Although much has been made of the contrasting upbringings of Tom Riddle and Harry Potter by the Harry Potter community, very little analysis appears to have been put forth towards analyzing the differences between each character’s childhoods, with many fans focusing upon the similarities instead. The fact that they are each half-bloods, or that both characters grew up as orphans and despised their summer holidays away from Hogwarts, are things often pointed out by characters in the books and by fans around the world. But this leaves several fundamental questions unanswered, mainly the reason why Voldemort turned into what he did, as opposed to Harry. Although the question may not be possible to fully answer until after all seven books are complete, it is possible to infer that Voldemort’s early life was fraught with political and social tensions that could easily lead a powerful and talented young man down a dark path.
Tom Riddle first actively began his championship of the beliefs of Salazar Slytherin in the year 1942, with the first opening of the Chamber of Secrets. This places the developmental years of the Dark Lord’s life within the context of the Second World War. It also allows us to infer that Riddle in his very early years knew the bitter taste of extreme poverty, through the Great Depression. Harry, for all the difficulties he may have been fraught with as a child, could at least count on receiving daily meals, even if they were not as filling as a child his age would desire. Tom Riddle, growing up in a London orphanage, was not guaranteed even that small comfort.
In that London Muggle Orphanage, Riddle would also have witnessed many things that a boy his age should not have to witness. In the summer of 1940 (the summer before Riddle’s third year; as he was in fifth year when he first opened the Chamber), when he was around 12 or 13 years old, Riddle was living in a city subjected to Nazi aerial bombardment. At the very same age where Harry Potter was inflating his aunt and running away from home, Riddle would have had to listen for air raid sirens and run for cover. Further, the difficulties he was experiencing at the Orphanage would likely have been multiplied tenfold, due to the entire country being on war-footing.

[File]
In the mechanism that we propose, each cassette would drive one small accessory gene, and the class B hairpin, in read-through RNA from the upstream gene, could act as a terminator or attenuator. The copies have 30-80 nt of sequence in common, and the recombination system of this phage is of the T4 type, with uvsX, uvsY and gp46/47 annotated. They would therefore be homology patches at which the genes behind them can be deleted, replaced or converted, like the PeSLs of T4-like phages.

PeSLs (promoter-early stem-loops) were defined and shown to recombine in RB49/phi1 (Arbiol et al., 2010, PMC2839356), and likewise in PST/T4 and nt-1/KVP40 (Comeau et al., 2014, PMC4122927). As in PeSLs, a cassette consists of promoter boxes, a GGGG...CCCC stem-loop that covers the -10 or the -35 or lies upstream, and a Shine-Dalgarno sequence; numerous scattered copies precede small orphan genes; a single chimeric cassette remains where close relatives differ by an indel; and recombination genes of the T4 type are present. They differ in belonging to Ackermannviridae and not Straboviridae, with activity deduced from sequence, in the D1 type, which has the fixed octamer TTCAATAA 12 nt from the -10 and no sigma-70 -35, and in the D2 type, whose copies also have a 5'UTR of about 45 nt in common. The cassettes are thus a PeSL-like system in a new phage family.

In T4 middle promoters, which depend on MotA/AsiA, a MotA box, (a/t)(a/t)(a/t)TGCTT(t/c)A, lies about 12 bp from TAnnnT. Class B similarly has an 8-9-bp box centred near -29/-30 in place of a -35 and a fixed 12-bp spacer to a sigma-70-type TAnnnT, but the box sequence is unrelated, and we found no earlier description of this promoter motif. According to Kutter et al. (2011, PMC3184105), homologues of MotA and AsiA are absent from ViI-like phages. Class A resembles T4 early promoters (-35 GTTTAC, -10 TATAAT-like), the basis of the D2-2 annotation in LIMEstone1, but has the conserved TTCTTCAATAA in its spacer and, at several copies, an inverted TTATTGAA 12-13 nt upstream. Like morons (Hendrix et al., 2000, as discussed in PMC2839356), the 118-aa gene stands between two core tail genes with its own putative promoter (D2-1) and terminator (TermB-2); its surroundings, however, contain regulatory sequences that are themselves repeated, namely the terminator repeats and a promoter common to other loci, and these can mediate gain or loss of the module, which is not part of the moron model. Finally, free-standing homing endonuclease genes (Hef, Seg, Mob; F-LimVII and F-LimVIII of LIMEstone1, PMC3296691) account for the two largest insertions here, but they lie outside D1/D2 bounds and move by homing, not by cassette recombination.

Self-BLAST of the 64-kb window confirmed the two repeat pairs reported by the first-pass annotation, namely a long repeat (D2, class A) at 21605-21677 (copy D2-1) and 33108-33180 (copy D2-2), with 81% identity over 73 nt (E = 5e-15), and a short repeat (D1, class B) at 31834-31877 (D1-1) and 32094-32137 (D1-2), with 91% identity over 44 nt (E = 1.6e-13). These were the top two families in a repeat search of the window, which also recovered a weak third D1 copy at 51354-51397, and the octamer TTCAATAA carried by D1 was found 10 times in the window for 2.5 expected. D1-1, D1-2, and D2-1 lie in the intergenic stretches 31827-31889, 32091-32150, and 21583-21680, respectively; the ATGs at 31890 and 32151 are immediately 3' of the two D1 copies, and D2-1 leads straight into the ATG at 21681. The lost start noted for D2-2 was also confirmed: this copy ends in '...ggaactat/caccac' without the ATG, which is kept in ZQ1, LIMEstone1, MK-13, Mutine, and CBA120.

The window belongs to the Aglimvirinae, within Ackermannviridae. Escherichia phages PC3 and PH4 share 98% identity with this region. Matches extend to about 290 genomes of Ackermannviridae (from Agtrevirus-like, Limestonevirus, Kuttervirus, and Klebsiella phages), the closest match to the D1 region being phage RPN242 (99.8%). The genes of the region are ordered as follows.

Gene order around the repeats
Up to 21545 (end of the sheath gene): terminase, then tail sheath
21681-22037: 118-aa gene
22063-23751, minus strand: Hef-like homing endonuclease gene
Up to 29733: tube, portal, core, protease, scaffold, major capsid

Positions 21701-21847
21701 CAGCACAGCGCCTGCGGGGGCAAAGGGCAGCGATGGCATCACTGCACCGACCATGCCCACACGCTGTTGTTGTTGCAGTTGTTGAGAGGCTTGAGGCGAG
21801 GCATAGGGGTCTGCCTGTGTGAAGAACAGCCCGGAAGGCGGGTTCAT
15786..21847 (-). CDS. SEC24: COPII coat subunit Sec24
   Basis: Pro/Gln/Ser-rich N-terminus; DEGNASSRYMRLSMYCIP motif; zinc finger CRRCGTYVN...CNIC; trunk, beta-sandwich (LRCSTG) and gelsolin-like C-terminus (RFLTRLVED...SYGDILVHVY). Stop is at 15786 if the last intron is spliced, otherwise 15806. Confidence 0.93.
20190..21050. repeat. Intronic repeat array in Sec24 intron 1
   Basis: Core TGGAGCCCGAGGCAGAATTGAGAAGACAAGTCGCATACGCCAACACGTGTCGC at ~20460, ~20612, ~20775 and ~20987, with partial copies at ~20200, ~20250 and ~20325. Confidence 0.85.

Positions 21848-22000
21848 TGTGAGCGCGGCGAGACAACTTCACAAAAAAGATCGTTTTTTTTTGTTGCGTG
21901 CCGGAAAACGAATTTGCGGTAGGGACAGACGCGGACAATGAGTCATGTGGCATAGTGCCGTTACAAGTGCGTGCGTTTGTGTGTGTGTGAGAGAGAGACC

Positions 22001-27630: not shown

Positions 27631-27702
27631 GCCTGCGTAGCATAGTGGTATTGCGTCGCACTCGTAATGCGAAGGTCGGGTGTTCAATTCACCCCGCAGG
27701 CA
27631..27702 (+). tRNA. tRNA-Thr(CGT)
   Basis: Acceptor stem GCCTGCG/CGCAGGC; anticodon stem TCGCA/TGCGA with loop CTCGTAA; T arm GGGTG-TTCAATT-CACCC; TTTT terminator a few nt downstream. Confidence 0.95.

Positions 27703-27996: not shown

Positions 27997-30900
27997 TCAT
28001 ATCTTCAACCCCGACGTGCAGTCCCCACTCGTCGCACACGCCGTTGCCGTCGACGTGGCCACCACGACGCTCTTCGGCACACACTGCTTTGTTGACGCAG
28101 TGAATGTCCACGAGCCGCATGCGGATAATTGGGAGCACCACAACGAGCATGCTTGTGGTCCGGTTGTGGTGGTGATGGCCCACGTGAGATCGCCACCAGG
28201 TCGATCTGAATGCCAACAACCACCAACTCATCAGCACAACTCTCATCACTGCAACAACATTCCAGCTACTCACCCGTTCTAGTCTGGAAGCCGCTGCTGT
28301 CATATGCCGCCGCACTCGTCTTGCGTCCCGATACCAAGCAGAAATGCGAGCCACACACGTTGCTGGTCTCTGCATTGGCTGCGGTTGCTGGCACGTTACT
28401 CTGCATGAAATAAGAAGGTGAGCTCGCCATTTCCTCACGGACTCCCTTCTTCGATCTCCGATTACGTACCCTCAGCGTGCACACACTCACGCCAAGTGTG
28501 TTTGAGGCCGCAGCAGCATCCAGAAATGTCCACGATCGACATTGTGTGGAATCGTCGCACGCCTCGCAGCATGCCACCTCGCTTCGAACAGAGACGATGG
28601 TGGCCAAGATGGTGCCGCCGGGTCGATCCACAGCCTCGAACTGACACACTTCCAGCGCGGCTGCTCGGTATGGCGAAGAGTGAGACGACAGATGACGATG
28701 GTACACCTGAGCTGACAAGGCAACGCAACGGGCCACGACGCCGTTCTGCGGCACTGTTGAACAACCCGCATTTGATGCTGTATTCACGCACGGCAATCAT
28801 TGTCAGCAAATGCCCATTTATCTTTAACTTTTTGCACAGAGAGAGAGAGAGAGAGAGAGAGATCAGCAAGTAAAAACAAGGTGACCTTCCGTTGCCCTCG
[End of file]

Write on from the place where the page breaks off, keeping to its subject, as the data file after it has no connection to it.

Two years after this event, Riddle opened the gates of the Chamber of Secrets. At this point, the Western front of the war wasn’t particularly active. British and American forces were tangled with Rommel’s Nazi forces in North Africa and the Battle for the Atlantic was in full swing, but nothing was occurring which Riddle would have seen with his own two eyes. However, there was the matter of the Eastern Front. By this time, the infamous Operation Barabossa was around a year old and the Battle of Stalingrad was in full swing. Hitler’s so-called “great and proper task” of the wholesale annihilation of the Slavic peoples to the east to make room for his perfect Aryan race was at its critical moment. It would appear to be something more than a coincidence then that at this same moment, Rowling would have Riddle hatch his original plan to destroy what he perceives as the impurities within the wizarding race. The philosophy of Voldemort, which preaches that might makes right and that power goes beyond ideals of good and evil, is not very far away from the political conduct of Adolf Hitler. It can easily be argued that a young man like Riddle would admire that conduct, and see in Hitler’s madness a man casting away his boundaries and attempting to bring about his own personal ideals.